I would assume that every game before 1986 or so that was not a booter (most of them were) would use FCBs. One should keep in mind that in the 1980s, people did not migrate to a new DOS just because it came out. I can't find it right now, but there was an ad by IBM which basically advised the buyer to choose their DOS according to which system they bought, and if they bought a 5150 PC without hard disk, they were advised to go with DOS 1.1 and not DOS 2.0, so apparently both were available for a time.

Reply 7 of 21, by Calvero

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JayCeeBee64 wrote:

Tried Bio Menace in DOS 7.0 and it does lock up/freeze as I remember. There is a fix though; when 3DRealms made this game available as freeware in December 2005, they included a patch file (biopatch.zip) to correct a similar issue in DOSBox back then. The same patch file also works in DOS 7.0, making Bio Menace playable again.

Does Bio Menace work in DOS 7.0 when you do a clean boot or when you remove the line DOS=UMB from config.sys?

Reply 8 of 21, by JayCeeBee64

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Calvero wrote:

Does Bio Menace work in DOS 7.0 when you do a clean boot or when you remove the line DOS=UMB from config.sys?

Nope, it still locks up/freeze 😐

EDIT: Okay, got the game working if I use JEMM instead of HIMEM/EMM386 and remove the DOS=UMB line in config.sys. Still, using a different memory manager for just one game hardly seems worth it; I'll just keep using the old 3DRealms DOSBox patch if I feel like playing Bio Menace in DOS 7.0 (I generally play all DOS games in DOS 6.2 anyway, works just fine for my needs 😀 ).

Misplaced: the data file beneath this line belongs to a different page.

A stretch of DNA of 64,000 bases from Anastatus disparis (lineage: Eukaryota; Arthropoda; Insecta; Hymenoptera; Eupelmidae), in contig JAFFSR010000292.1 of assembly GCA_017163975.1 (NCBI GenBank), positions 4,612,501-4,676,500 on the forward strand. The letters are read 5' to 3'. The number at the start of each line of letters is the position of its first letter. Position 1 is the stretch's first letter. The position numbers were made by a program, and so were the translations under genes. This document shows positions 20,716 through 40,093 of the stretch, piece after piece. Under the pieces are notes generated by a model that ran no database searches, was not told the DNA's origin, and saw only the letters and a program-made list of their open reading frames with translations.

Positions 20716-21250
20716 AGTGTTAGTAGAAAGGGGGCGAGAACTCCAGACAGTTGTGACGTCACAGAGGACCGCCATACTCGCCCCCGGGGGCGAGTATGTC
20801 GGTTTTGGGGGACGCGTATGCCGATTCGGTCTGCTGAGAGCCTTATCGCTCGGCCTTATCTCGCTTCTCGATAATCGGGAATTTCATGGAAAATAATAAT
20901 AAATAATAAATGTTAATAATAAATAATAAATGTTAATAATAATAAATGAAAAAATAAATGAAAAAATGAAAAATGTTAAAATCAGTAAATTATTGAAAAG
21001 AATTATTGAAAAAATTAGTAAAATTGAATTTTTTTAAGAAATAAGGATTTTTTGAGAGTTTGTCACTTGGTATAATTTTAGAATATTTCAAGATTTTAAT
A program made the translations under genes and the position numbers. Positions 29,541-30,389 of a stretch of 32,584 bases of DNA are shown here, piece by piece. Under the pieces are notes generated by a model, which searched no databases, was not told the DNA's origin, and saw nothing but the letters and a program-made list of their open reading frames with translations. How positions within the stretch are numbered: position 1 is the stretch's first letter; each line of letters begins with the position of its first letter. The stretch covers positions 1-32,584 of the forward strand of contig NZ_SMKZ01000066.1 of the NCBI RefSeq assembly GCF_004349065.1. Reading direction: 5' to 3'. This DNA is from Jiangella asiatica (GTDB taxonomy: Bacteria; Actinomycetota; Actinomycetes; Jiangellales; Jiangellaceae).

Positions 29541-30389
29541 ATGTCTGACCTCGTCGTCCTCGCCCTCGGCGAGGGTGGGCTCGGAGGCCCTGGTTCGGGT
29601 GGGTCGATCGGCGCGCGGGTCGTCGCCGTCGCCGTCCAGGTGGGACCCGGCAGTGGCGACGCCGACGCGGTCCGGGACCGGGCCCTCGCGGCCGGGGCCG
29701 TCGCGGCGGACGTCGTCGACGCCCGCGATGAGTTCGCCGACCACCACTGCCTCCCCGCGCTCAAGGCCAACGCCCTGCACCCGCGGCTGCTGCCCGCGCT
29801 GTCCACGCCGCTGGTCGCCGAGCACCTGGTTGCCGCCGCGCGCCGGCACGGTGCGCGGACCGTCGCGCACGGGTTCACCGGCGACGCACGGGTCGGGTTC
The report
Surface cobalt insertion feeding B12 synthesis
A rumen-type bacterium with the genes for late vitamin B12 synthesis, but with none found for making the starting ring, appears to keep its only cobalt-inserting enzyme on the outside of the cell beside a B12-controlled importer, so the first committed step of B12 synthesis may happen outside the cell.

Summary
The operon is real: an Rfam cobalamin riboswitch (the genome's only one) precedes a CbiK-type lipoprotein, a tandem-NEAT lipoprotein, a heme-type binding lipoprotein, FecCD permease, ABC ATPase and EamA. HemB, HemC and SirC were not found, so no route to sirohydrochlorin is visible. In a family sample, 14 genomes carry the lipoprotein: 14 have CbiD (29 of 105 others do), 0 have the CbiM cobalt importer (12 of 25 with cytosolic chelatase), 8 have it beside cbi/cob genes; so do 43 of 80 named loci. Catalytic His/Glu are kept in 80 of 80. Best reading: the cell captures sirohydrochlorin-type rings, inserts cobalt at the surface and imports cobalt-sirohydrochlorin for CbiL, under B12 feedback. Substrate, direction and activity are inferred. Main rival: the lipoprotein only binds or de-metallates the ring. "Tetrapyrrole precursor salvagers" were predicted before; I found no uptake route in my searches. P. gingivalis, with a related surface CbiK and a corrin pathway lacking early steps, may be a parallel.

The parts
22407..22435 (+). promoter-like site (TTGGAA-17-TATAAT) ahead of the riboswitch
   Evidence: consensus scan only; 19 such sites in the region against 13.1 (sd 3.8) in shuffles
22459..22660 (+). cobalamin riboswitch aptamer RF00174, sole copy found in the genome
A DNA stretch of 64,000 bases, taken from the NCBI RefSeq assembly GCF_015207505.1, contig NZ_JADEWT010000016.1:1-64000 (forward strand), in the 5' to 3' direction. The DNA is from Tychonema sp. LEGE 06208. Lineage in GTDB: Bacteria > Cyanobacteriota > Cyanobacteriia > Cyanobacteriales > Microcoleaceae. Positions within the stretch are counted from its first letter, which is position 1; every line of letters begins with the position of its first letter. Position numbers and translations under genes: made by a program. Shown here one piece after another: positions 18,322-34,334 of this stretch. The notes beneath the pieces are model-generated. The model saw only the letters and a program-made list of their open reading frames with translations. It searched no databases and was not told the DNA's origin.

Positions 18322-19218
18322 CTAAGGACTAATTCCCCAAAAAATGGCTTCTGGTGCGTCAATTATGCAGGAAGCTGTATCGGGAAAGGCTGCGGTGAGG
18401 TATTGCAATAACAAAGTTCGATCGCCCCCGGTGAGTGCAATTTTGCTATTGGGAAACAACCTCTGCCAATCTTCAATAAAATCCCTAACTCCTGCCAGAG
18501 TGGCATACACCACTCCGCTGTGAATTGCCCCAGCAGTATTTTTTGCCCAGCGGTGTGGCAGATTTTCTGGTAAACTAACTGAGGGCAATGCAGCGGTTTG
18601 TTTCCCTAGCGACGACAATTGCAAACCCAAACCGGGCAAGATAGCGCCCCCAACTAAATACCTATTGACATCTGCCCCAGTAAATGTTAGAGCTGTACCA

Ooohh, the pain......

Reply 9 of 21, by Qbix

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Bio Menace has a bug, you can work around it with that small program, or by setting a STACKS= in config.sys
(9,256 for example)

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Reply 10 of 21, by JayCeeBee64

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Already knew that Qbix (Bio Menace is indeed buggy and have been using the STACKS=9,256 line in config.sys since my first PC in 1994). Thanks anyway 😀

Ooohh, the pain......

Reply 11 of 21, by jesolo

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Scali wrote:

It is physically impossible to free up enough conventional memory to run certain software under DOS 7.

Not necessarily. It depends on how much conventional memory you require and what drivers you load in your Config.sys and Autoexec.bat files.
In my opinion, if you can free up just over 600KB, then most games will run.

I have two Win9x environments (one is running Windows 95 OSR2.5 and the other one Windows 98SE).
On both I've set up a boot menu that enables me to boot straight into DOS 7.1, bypassing the GUI.
I managed to free up 603KB (617840 bytes) of conventional memory on my Celeron 900 MHz (booting straight into DOS 7.1) with my AWE32 (AWEUtil), mouse & CD-ROM drivers loaded.
On my older 486 PC, I managed to free up 624KB (638912 bytes). The latter doesn't have an AWE32 and hence why I managed to have more conventional memory available.

However, to achieve this you have to load EMM386.exe (or a similar memory manager) and load as many drivers as you can into the Upper Memory Blocks (UMB) using the Devicehigh (under Config.sys) and Loadhigh (under Autoexec.bat) commands.